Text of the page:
Let’s talk about Hypoglycemia for a minute. As puppies (up to around 4 months), if yorkies do not eat regularly or become stressed they risk becoming hypoglycemic. Hypoglycemia is the medical term for low blood sugar, which is a condition in which there is a drastic, sudden drop in the level of blood sugar in the puppy. Some examples of common stresses include: weaning, teething, vaccinations, a change in environment, shipping, over-handling, cold temperatures, intestinal parasites, infections, anorexia, etc. Many yorkie puppies simply play too hard and stress their system or forget to eat.
Hypoglycemia is easily treatable in the early stages, but fatal if allowed to progress. You will always need to be aware of the signs and act quickly. The first symptom of hypoglycemia is the yorkshire terrier puppy slows down and then acts listless. The puppy will then begin to tremble or shiver - a reaction caused as the brain is starved for glucose. More signs of an attack are weakness, confusion, wobbly gait, frothing or drooling from the mouth - sometimes even a seizure. His body will be limp, lifeless, and a check of the gums will show them to be pale, almost a grayish white in color rather than a healthy bright pink. The puppy’s body temperature will be lower than normal. After a time, the puppy will become comatose and may even appear to be dead. At that point, the puppy can go into shock and, if not cared for properly and immediately, may even die.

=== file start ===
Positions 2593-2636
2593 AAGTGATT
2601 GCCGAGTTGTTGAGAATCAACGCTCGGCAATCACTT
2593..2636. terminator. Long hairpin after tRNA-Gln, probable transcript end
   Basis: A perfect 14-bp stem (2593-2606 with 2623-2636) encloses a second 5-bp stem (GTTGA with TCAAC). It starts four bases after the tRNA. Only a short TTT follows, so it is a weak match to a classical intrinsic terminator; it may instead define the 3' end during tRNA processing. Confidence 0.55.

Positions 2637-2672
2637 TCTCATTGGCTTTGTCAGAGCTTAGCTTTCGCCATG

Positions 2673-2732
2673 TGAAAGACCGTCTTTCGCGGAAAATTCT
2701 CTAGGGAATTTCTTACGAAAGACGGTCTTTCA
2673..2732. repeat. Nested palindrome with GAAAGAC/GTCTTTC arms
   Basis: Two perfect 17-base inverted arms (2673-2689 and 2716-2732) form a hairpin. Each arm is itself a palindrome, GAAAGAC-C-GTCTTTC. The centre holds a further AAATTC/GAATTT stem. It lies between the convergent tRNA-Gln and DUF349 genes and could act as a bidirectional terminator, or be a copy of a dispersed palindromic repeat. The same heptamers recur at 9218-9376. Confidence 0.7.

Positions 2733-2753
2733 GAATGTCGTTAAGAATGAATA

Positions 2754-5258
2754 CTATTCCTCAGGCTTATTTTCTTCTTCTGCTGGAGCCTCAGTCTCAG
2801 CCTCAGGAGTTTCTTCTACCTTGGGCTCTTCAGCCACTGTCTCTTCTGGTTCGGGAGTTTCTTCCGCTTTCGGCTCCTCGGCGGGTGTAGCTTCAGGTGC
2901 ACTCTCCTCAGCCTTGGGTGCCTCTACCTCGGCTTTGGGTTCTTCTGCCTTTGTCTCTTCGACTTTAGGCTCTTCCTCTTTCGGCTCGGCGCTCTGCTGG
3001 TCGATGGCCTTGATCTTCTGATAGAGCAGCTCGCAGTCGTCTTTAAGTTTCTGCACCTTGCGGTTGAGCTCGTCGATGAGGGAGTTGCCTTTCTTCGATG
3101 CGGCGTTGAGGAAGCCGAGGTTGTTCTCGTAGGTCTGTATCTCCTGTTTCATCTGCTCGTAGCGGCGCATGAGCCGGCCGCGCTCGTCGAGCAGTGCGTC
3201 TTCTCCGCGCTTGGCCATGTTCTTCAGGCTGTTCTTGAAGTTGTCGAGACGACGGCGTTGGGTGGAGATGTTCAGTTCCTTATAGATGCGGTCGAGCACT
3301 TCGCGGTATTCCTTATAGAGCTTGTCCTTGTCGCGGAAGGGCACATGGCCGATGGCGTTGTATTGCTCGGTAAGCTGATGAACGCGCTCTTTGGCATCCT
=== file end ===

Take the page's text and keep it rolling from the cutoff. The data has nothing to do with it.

If yorkie hypoglycemia is caught in the early stages, rub Nutri-Cal (Caro syrup or honey will do if you have no Nutri-Cal) on the puppy's gums, under the tongue, and on the roof of the mouth. Get a heating pad or heating blanket and slowly warm the puppy to proper body temperature. If the puppy responds, all is well. Feed a quality, canned food containing, high-carbohydrates and protein right away (you may want to mix it with egg yolk) and then monitor the puppy to be sure that the condition does not reoccur. Be sure to eliminate the stress that caused the episode if at all possible.
If the hypoglycemia is caught in the more advanced stages, rub Nutri-Cal or Caro in the mouth, and carefully insert a small amount in the rectum. Slowly warm the puppy to normal body temperature (101-102 degrees F) and keep him warm continuously with light heat. If the yorkie puppy still does not respond, carefully eye dropper dextrose solution or Caro water into the mouth, a little at a time but only if the dog can swallow.
Call your veterinarian immediately and inform him that you have a hypoglycemic yorkie puppy.
So now that you know all that, the good news is once they get past the puppy stage and mature, Yorkies are very small eaters so it won't be expensive to feed them. You can expect your full grown yorkie to tip the scales at a normal weight range between 4 – 7 lbs. A teacup yorkie will be 3 lbs full grown.